“But do we have to do it? No. That would be using an artificial spot on the calendar to force decision-making. That would be the last thing we need to do. We need to take a long term view of what we are trying to accomplish.”

Hahn didn’t name names, but Todd Frazier, Melky Cabrera, David Robertson could be short-term fixes for contending clubs. Jose Quintana, who will start Tuesday against the Yankees, remains the team’s most valuable trade chip despite a 4.69 ERA that sits over run higher than his career average.

Frazier homered Monday and entered the game hitting .262/.351/.524 since Memorial Day. Cabrera similarly has found success after a slow start, slashing a healthy .324/.375/.482 in his previous 34 games before picking up two hits in four at-bats Monday. And Robertson, who’s been linked to the relief-starved Washington Nationals for months, has 41 strikeouts in 27 1/3 innings with 11 saves.

“We want to be able to do as much as we can in our power to get this team to where it needs to be,” Hahn said. “Yes, there’s an element of competitiveness involved in that. There’s an element of patience involved in that. But at the end of the day, we have to — we get paid to be prudent in our decision making. We have to make the right decision.”

In the meantime, the White Sox looked the part of a rebuilding team with the worst record in the American League on Monday. Starter David Holmberg struggled, allowing six runs on five hits and four walks in 5 1/3 innings — but only two of those runs were earned thanks to errors by Holmberg, Frazier and Matt Davidson.

As the Yankees took advantage of those miscues with three runs in both the fourth and sixth innings, Jordan Montgomery retired nine consecutive White Sox batters and went on to cruise with eight strikeouts over seven innings. The White Sox – as they’ve done quite a bit this year – still showed fight late, battling back in the ninth inning.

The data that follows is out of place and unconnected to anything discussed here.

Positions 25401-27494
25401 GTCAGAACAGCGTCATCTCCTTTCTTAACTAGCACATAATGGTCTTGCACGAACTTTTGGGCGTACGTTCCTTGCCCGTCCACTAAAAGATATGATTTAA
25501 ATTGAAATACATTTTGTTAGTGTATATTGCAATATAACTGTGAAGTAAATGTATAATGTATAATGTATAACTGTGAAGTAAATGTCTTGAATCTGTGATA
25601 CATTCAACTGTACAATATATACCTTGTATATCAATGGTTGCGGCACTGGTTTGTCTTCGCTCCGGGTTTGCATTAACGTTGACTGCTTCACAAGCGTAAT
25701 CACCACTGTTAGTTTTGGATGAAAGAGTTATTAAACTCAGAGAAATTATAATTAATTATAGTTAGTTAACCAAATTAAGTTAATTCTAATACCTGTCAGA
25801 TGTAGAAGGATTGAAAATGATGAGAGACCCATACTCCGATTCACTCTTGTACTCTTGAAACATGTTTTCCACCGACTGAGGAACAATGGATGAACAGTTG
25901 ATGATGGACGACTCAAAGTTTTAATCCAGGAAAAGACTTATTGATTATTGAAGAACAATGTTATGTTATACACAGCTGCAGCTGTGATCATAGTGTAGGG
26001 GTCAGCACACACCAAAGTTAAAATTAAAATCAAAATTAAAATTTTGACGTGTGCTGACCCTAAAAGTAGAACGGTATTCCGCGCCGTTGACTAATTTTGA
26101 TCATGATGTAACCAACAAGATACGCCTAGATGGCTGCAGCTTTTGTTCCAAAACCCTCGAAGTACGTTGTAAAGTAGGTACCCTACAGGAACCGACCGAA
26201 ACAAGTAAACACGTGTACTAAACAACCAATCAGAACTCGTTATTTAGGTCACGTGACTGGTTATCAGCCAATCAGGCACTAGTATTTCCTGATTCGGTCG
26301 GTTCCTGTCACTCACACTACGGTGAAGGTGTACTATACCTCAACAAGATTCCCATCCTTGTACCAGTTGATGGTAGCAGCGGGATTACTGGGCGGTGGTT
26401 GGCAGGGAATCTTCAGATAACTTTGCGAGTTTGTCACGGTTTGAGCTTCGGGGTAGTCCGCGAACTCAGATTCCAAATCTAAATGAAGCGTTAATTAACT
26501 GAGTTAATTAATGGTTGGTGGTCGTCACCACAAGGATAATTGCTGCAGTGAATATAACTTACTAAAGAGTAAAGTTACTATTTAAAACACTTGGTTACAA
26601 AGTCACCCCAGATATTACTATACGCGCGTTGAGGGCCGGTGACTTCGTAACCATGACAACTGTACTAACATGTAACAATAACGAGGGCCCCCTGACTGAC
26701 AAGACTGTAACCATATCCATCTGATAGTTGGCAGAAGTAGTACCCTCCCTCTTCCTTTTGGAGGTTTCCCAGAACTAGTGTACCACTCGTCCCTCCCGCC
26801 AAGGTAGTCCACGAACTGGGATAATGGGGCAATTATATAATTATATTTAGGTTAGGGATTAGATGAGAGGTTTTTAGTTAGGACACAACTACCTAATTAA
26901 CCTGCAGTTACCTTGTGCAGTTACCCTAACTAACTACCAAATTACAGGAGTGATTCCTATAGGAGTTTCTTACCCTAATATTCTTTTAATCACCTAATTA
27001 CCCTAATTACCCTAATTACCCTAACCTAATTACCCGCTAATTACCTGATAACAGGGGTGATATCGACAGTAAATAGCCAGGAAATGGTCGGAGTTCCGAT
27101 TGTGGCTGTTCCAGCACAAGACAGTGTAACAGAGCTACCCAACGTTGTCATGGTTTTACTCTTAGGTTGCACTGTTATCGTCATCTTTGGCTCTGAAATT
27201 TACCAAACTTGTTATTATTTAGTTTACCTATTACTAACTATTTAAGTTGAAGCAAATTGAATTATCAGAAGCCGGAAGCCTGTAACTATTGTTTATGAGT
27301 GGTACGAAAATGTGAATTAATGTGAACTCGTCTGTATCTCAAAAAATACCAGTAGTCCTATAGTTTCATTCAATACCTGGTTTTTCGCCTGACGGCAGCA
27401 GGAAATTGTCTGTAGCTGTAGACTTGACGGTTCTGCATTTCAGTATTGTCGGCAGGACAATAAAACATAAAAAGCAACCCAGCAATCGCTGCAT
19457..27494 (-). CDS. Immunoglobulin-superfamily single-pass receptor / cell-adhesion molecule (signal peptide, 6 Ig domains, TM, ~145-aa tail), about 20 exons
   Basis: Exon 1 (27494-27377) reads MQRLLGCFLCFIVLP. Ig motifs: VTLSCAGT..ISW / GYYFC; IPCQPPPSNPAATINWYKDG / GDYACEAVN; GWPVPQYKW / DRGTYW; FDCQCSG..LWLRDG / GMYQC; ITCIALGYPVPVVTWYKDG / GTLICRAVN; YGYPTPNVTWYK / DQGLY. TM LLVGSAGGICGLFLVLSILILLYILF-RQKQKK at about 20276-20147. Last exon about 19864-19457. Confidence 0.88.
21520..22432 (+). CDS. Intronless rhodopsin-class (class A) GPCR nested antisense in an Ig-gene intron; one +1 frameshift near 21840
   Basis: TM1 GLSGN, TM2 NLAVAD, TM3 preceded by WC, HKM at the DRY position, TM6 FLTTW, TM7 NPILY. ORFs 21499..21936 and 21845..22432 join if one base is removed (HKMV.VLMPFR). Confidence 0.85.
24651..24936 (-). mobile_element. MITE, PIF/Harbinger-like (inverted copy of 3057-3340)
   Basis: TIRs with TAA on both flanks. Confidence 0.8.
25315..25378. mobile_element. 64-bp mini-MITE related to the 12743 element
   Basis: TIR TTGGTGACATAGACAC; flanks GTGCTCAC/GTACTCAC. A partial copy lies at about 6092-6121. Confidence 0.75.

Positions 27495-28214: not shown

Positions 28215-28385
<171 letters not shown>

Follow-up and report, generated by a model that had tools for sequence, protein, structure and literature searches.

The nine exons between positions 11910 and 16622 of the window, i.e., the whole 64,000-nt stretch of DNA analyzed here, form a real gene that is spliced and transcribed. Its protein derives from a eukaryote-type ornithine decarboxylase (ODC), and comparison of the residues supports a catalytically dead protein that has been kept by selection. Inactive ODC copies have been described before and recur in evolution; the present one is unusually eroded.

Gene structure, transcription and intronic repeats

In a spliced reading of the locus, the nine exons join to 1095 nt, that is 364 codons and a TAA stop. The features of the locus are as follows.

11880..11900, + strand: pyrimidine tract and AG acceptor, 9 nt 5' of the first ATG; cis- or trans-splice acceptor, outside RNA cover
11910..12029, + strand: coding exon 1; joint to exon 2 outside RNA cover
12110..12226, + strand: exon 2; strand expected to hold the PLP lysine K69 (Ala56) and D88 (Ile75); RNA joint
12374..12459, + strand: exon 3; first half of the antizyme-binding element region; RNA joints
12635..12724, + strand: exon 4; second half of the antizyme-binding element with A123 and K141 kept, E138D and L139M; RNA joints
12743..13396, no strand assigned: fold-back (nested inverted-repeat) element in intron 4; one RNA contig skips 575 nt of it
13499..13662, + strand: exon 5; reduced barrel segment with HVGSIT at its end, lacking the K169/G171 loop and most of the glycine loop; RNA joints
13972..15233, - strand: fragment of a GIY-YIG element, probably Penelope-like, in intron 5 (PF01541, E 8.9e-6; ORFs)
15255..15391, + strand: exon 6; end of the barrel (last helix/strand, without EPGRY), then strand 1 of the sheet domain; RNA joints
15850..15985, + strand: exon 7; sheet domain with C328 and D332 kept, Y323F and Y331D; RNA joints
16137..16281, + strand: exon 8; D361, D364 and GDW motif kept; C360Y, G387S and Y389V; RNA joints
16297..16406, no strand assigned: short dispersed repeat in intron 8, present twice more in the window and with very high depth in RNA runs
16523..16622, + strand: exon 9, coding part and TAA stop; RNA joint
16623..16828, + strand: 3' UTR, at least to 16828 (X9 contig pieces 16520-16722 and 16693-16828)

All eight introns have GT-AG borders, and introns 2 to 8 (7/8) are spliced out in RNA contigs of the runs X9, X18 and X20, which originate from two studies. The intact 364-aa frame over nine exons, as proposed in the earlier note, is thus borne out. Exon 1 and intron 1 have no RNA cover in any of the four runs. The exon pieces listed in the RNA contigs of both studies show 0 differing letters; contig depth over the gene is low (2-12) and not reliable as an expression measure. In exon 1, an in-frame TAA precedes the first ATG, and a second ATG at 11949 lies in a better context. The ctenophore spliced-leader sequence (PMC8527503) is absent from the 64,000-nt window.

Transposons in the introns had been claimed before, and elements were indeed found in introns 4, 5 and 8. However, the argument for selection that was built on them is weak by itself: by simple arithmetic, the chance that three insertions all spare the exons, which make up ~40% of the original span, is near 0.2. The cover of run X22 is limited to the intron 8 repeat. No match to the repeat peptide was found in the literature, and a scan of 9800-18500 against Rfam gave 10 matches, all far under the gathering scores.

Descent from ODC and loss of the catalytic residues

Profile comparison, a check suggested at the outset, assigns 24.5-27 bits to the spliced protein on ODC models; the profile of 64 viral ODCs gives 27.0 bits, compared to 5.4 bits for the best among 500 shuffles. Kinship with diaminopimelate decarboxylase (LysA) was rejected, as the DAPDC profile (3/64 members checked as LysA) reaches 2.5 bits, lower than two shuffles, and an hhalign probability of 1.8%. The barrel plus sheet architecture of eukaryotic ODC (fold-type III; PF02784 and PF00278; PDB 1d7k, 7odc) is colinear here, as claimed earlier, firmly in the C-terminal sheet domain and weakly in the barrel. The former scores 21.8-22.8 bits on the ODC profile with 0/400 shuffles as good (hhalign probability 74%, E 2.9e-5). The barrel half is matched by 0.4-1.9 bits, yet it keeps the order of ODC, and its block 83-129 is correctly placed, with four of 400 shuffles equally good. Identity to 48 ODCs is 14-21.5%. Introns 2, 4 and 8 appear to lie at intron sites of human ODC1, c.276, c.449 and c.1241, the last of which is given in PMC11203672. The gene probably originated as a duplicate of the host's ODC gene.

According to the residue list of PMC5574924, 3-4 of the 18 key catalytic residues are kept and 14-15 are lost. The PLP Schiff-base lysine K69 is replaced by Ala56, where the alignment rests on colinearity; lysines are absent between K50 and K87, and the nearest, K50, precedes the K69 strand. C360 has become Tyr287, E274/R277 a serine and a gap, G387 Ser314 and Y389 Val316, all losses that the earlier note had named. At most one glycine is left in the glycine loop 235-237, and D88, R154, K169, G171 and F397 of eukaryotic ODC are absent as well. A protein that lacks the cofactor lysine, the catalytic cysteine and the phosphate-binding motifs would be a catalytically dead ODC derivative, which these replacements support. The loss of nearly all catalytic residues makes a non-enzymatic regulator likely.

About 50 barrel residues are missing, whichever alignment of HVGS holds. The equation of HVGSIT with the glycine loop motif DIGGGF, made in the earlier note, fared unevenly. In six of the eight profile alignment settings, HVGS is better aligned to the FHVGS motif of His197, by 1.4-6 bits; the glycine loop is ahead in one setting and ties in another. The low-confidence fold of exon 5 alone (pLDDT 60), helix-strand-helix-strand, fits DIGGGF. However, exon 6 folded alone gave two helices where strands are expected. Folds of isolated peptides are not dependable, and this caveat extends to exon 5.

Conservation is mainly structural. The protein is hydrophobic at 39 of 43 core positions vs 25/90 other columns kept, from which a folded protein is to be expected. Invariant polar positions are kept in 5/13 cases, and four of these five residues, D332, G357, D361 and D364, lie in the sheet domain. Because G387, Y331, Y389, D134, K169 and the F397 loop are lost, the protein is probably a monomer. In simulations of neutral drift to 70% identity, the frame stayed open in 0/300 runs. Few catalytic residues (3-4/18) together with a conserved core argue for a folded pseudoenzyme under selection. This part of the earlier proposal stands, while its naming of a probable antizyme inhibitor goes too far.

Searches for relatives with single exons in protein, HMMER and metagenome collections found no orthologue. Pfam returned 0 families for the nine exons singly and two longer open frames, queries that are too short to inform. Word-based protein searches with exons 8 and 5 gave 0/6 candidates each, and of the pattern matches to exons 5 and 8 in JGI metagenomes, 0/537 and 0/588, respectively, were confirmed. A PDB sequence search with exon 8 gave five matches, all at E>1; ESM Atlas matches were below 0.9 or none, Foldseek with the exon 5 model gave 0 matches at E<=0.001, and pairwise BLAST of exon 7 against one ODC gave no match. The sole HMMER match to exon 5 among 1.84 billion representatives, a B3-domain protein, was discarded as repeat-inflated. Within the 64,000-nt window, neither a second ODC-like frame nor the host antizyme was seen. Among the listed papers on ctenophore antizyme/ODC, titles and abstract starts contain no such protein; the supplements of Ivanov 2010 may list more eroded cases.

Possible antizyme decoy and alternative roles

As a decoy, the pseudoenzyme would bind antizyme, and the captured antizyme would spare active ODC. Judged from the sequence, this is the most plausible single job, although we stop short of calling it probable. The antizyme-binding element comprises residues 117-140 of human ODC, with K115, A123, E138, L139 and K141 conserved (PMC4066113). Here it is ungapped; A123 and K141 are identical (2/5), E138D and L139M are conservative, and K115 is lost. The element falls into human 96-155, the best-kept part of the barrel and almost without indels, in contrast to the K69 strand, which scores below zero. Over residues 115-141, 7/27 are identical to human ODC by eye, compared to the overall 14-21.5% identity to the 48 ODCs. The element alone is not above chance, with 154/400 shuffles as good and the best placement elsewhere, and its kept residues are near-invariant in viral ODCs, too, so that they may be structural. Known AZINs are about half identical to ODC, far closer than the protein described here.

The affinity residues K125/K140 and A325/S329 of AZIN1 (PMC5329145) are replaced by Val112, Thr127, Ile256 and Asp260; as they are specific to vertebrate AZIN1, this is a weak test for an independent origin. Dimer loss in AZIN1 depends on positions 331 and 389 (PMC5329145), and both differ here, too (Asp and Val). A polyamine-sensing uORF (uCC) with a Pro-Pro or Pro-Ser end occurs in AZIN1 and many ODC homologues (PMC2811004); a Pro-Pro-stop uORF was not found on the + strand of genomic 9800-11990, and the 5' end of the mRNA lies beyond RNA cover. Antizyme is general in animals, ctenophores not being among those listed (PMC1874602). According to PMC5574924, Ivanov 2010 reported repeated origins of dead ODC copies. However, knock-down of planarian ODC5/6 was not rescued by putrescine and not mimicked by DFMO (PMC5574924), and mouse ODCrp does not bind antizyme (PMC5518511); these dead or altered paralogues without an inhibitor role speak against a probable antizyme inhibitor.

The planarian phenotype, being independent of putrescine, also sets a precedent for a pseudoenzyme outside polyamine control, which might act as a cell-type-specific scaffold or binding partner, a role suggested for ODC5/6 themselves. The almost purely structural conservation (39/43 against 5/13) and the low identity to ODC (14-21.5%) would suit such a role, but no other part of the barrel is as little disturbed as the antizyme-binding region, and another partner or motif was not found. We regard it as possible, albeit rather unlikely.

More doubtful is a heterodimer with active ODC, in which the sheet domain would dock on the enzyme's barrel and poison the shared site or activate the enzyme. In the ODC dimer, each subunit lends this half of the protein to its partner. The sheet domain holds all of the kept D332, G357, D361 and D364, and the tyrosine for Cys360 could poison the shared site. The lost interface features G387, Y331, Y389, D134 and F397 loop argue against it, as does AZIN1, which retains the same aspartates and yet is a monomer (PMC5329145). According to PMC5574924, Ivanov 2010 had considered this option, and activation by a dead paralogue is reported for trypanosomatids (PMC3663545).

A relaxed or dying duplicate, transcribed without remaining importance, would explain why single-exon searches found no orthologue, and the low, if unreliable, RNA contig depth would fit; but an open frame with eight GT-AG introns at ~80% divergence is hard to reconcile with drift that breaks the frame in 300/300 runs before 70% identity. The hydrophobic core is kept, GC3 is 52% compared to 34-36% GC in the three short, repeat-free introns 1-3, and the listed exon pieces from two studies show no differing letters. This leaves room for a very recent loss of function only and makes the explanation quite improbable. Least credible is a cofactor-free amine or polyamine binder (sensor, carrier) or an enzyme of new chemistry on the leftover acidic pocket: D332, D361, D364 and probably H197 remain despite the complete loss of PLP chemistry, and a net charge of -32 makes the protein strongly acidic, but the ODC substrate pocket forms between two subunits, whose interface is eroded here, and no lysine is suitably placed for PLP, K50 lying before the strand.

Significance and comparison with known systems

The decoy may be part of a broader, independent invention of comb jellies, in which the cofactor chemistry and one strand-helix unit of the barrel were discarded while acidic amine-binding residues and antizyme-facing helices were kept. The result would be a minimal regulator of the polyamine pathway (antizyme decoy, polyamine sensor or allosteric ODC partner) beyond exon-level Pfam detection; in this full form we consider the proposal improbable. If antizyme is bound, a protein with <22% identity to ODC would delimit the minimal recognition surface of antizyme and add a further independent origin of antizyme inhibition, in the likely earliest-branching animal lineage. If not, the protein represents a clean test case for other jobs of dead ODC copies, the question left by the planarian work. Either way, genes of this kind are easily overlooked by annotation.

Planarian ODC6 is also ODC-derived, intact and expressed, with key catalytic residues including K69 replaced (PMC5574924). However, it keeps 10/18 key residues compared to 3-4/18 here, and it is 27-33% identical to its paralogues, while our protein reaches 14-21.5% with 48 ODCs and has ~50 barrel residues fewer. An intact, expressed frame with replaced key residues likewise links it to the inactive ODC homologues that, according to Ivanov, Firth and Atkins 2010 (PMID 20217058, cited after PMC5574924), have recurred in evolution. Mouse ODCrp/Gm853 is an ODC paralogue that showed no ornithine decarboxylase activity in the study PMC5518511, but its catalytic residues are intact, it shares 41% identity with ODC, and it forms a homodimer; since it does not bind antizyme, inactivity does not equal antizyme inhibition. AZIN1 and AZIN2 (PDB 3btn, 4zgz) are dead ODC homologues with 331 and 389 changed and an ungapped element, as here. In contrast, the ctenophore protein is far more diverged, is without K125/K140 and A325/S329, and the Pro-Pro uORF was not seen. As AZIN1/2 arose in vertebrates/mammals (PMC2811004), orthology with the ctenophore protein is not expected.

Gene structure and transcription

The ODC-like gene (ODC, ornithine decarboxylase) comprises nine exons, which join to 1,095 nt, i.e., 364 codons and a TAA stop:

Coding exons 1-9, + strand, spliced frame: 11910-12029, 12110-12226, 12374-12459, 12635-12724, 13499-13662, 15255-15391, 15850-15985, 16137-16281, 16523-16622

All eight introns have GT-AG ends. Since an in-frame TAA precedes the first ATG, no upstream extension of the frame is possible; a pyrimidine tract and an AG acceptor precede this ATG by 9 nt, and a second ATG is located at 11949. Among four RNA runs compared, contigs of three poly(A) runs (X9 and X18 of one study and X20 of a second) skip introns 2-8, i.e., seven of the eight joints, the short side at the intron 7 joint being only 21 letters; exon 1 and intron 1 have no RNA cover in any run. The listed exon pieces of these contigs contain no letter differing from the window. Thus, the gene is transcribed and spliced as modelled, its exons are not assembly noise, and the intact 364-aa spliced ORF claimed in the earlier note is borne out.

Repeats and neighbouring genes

Tim Anderson ripped a three-run home run in the ninth inning off Yankees left-hander Chasen Shreve to bring the White Sox within two. Joe Girardi quickly turned to Aroldis Chapman, who allowed a run when Jose Abreu doubled home Melky Cabrera. But the tying run was stranded on second when Avisail Garcia grounded out and Frazier flew out to end the game.

White Sox Talk Podcast: Top pick Jake Burger can't wait to someday take a bite out of Chicago; When will Sox trades begin?


White Sox Talk Podcast: Top pick Jake Burger can't wait to someday take a bite out of Chicago; When will Sox trades begin?

After taking batting practice for the first time with the White Sox, number-one pick Jake Burger sat down with Chuck Garfien to talk about getting drafted by his favorite team, what it was like getting a phone call from Paul Konerko, why he wants to be a leader like Jonathan Toews, playing on Team USA with Seth Beer and more.  

Then CSN's Dan Hayes joins Garfien to discuss the return of Carlos Rodon, when the White Sox might start making trades, and Rick Renteria's short temper with umpires.   

Listen here to ketchup with top prospect Jake Burger: